2. What are the effects of gross earnings on the profit after tax of the Nigerian banking sector?

3. What is the effect of turnover on the profit after tax of the Nigerian banking sector?

1.5 Research Hypotheses

The following hypotheses are formulated for the purpose of this research project:

1. Bank Size does not have a significant effect on the profit after tax of the Nigerian banking sector.

2. Gross earnings has a significant effect on the profit after tax of the Nigerian banking sector.

3. Turnover does not have a significant effect on the profit after tax of the Nigerian banking sector.

REVIEW OF RELATED LITERATURE

2.1.1 Mergers

According to Anthony (2008); a merger refers to the combination of two or more organizations into one larger organization. Such actions are commonly voluntary and often result in a new organization name (often combing the names of the original organizations) Umar (2009), a Merger is a transaction involving two or more companies in which shares are exchanged but in which only on company survives. Okpanachi (2011); A merger entails the coming together of two or more firms to become one big firm. Thus, one can conveniently refer to a merger as the mixing of entities resources for growth and renovation.

More over according to the CAMA (1990) states that merger means any amalgamation of the undertakings or any part undertaking of two or more companies or bodies corporate.According to Lafferty and Ubesie (2010);

Merger in its broadest conception means the combination of two or more companies into one. Also in its narrower sense, merger is a formation of entirely new company to acquire the separate concerns necessitating the winding up of the latter company. Depamphilis (2011); is the combination of two or more firms in which all but one legally ceases to exists, and the combined organization continues under the original name of the surviving firms. Umoren (2007) defines a merger as an arrangement by which all the assets and resources of two or more companies and shareholders of the two companies are brought together under the control of one company which is owned jointly by the stakeholders of the original companies and shareholders of the two companies now become shareholders of the surviving company.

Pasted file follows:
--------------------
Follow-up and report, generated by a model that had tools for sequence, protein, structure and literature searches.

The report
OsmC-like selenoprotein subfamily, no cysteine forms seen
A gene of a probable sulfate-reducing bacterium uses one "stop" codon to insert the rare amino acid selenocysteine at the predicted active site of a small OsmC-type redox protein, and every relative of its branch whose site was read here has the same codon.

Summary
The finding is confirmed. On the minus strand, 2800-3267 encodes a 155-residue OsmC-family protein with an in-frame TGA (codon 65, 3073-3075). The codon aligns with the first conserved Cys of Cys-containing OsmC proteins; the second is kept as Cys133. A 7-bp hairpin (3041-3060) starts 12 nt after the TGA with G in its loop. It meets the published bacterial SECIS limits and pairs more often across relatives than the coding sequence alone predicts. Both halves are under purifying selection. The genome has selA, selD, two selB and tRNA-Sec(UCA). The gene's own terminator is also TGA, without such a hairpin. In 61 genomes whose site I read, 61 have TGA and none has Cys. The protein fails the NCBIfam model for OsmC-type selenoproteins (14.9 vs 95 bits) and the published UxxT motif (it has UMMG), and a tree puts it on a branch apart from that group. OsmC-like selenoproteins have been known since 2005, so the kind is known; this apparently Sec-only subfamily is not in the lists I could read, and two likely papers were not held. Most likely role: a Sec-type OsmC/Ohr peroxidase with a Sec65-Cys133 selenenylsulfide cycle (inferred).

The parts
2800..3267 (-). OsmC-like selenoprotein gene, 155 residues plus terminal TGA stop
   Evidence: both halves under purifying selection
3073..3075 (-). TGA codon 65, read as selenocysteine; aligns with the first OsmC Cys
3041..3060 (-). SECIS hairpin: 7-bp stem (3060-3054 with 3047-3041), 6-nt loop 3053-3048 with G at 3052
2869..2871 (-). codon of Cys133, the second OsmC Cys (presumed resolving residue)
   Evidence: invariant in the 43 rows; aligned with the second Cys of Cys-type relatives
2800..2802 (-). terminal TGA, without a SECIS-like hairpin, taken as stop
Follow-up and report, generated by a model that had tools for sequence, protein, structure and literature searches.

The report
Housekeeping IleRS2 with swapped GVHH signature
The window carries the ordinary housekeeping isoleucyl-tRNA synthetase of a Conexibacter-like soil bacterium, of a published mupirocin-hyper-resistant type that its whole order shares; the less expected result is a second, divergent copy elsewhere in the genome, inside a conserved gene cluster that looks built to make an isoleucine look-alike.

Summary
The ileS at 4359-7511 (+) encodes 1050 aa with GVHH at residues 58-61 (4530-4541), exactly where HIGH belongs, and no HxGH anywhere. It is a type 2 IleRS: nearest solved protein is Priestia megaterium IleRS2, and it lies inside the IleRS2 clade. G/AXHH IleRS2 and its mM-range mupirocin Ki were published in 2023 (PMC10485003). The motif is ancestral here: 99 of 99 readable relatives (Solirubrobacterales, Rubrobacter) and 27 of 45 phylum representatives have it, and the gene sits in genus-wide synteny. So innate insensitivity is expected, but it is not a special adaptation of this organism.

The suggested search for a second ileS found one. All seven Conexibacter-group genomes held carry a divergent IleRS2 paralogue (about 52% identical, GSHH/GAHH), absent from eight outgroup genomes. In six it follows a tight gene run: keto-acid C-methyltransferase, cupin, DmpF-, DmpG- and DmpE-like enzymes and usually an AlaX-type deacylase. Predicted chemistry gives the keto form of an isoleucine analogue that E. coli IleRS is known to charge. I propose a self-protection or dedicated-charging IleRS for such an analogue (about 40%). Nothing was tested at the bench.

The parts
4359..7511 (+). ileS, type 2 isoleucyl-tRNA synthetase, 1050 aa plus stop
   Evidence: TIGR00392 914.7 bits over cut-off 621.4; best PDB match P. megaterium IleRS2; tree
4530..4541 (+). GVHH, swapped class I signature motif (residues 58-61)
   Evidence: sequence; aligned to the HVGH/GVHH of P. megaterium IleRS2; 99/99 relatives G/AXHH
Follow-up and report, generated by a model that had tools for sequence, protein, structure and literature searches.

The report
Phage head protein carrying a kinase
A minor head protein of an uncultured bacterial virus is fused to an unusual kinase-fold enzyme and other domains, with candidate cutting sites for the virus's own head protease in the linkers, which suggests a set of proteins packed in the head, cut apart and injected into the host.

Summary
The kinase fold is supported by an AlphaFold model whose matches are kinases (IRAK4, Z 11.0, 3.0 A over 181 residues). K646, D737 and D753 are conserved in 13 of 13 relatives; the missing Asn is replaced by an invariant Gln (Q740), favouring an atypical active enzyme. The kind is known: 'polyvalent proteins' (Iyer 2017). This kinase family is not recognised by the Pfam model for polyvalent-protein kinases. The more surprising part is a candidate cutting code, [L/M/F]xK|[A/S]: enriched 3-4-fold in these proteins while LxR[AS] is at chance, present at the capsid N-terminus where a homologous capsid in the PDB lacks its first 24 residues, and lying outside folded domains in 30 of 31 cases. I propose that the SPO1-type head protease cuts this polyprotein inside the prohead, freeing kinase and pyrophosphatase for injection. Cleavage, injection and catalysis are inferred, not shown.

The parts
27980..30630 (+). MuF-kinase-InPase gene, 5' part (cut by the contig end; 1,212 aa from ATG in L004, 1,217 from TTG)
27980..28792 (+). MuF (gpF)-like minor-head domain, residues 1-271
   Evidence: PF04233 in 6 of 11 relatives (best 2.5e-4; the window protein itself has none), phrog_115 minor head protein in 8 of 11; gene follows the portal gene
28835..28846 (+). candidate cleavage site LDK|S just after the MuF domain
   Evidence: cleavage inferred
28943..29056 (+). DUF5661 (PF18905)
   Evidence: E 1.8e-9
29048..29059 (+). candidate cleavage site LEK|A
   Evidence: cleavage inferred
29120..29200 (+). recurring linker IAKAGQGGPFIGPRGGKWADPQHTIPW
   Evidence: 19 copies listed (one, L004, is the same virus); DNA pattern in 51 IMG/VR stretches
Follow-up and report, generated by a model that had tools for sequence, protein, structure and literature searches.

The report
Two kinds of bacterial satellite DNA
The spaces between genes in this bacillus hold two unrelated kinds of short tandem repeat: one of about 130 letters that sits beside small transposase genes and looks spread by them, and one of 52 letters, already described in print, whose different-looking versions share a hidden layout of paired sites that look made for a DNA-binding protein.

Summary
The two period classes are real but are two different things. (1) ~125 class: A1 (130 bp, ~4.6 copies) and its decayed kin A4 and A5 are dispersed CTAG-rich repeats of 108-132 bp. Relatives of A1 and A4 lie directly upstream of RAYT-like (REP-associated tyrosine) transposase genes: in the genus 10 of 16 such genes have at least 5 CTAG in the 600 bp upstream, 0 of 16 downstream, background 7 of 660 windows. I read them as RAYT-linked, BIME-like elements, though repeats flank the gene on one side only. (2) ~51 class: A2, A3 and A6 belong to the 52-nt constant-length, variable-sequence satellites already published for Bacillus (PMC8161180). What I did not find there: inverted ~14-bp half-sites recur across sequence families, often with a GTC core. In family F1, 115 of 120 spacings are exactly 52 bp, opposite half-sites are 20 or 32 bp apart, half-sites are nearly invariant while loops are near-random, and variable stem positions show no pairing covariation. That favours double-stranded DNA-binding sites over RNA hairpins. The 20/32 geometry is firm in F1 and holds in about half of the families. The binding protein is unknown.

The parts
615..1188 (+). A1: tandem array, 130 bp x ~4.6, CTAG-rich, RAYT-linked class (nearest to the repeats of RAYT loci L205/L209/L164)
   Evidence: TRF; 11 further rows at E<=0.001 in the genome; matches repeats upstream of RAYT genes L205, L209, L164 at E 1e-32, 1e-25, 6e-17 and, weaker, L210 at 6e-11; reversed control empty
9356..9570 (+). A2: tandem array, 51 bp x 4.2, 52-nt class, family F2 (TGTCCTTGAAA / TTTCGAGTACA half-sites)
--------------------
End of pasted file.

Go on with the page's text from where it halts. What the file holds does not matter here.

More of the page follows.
2.1.2 Acquisitions

According to Anthony (2008); acquisition is the purchase of one organization by another. Such actions can be hostile or friendly and the acquire maintains control over the acquired firm. Umar (2009) acquisition is the purchase of a company that is completely absorbed as an operating subsidiary or division of the acquiring company. Okpanachi (2011) defines acquisition as the taking over or purchase of small firm by a big firm, both of which are pursuing similar motives. Pandey (2005); defines acquisition as an act of acquiring effective control by one company over assets or management of another company without any combination of companies. Thus, in acquisition two or more companies may remain separate legal entities but the control of companies resides in one place.

2.1.3 Growth Strategy as it Relates to Mergers and Acquisitions

Growth Strategy is aimed at winning larger market share, even at the expense of short term earnings through diversification, product development, market penetration and market development.